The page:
Debating the climate emergency

Oct 17, 2018 | 41-3, Blog, Environment, Governance, Video | 1 comment

BC Green Party Leader Andrew Weaver called for an emergency debate in the BC Legislature to respond to the latest report of the Intergovernmental Panel on Climate Change (IPCC) of the United Nations (http://www.ipcc.ch/) “on the impacts of global warming of 1.5 °C above pre-industrial levels and related global greenhouse gas emission pathways, in the context of strengthening the global response to the threat of climate change, sustainable development, and efforts to eradicate poverty. “

I, and my colleagues Andrew Weaver and Sonia Furstenau, are thankful that both the BC NDP and BC Liberals accepted the urgency of the debate.

[Transcript]

Thank you to the members of this Legislative Assembly for allowing this emergency debate to take place this afternoon.

This is the first week the Legislature has convened since the Intergovernmental Panel on Climate Change special report was released. Three expert IPCC working groups issued a dire and urgent warning to governments around the world, including our own, arguing that we must immediately ramp up our efforts to limit global warming to 1.5 degrees Celsius or face serious and irreversible consequences.

At the current levels of commitment, the world is on course for a disastrous 3 degrees of warming. The report states that limiting global warming to 1.5 degrees Celsius would require rapid and far-reaching transitions in energy, land, urban infrastructure and industrial systems. Global net human-caused emissions of carbon dioxide will need to fall by 45 percent from 2010 levels by 2030, reaching net zero by 2050.

We have a responsibility

We have a responsibility to future generations to do our absolute best to make sure the decisions we make today, on their behalf as well…. We must be accountable for our territory. I often tell the stories of XÁLS, the creator of the WSÁNEĆ territory. XÁLS left that place, left that territory for the WSÁNEĆ, the people that live here today and in the past.

The key message that he left us was that we were to be accountable for our territory, that we were to make decisions that would not diminish it and that we weren’t to take more than could be replenished. We heard the words of Chief Maureen Thomas of the Tsleil-Waututh Nation speak something similar weeks ago when she was explaining why her nation was fighting the Kinder Morgan pipeline. She said: “We need to come together to find a way to ensure our future generations can enjoy the world to the extent that we do. We must ask ourselves: have I done enough to ensure the future of my grandchild?”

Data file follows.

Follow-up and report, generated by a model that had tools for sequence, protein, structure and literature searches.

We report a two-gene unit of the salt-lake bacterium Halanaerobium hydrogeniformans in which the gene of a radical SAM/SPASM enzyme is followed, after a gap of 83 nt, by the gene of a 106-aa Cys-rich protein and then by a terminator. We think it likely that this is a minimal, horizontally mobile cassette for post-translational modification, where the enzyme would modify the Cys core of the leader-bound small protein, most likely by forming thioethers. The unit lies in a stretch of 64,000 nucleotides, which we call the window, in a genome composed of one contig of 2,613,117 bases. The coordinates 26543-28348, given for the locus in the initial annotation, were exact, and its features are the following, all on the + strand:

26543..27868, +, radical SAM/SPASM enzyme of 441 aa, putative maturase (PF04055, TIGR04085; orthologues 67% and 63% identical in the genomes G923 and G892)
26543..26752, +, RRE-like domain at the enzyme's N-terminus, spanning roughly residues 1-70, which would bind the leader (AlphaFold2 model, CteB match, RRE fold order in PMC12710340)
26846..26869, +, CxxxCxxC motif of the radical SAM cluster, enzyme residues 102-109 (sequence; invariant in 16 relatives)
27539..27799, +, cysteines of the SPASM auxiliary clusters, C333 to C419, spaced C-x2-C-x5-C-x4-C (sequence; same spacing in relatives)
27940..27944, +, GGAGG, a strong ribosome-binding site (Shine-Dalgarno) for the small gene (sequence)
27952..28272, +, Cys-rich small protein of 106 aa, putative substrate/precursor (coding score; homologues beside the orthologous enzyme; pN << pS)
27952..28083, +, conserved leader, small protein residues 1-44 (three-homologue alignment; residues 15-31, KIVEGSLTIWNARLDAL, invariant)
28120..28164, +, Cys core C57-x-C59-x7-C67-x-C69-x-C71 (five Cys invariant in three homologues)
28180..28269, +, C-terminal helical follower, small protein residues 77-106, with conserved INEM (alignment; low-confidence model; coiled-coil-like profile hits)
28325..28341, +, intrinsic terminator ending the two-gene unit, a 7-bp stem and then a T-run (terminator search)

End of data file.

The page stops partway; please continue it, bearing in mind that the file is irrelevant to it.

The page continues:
Acting with urgency

The decision-makers in this place have a responsibility for more than just a four-year election cycle. We have a responsibility for the future as well. We need to be stewards of this province. In a world threatened by climate change, that means heeding the warning of climate scientists and acting with urgency.

All over our province, we see signs of our world being out of balance. We share B.C. with countless species that have uncertain futures — the grizzly, the caribou, the orcas, the chinook, the steelhead. They are highly visible species and indicators of how well our ecosystems are doing. When they falter, we falter. Orcas are struggling to find food and quiet in our Salish Sea. The Thompson River steelhead, a world-renowned, genetically unique species, are facing extirpation. British Columbia is one of the last strongholds for the grizzly.

These animals are powerful symbols of our home, and in their absence we have no right to call this place super or natural. It does not have to be this way. These trends are not natural, and they are not inevitable. They have been triggered by a series of choices made by our governments, by us. In a new generation of leadership, we can choose to renew our relationship with the ecosystems that sustain our lives. We can choose to renew our relationship with our world.

What are we leaving our children?

I am a father, first and foremost, and when I think about the legacy that I want to leave to Silas and Ella…. And I know every one of us who are parents are thinking about that: what are we leaving our children?

So I encourage you to think about those words and to think about the words of our Indigenous leaders like Chief Thomas, who ask the question: have I done enough to ensure the future of my grandchild? HÍSW̱ḴE SIÁM.

1 Comment

  1. Dianne Varga

    Can’t wait for proportional representation so we — all of us — can vote on issues without having to think about strategical numerical advantage or governments falling.

    Reply

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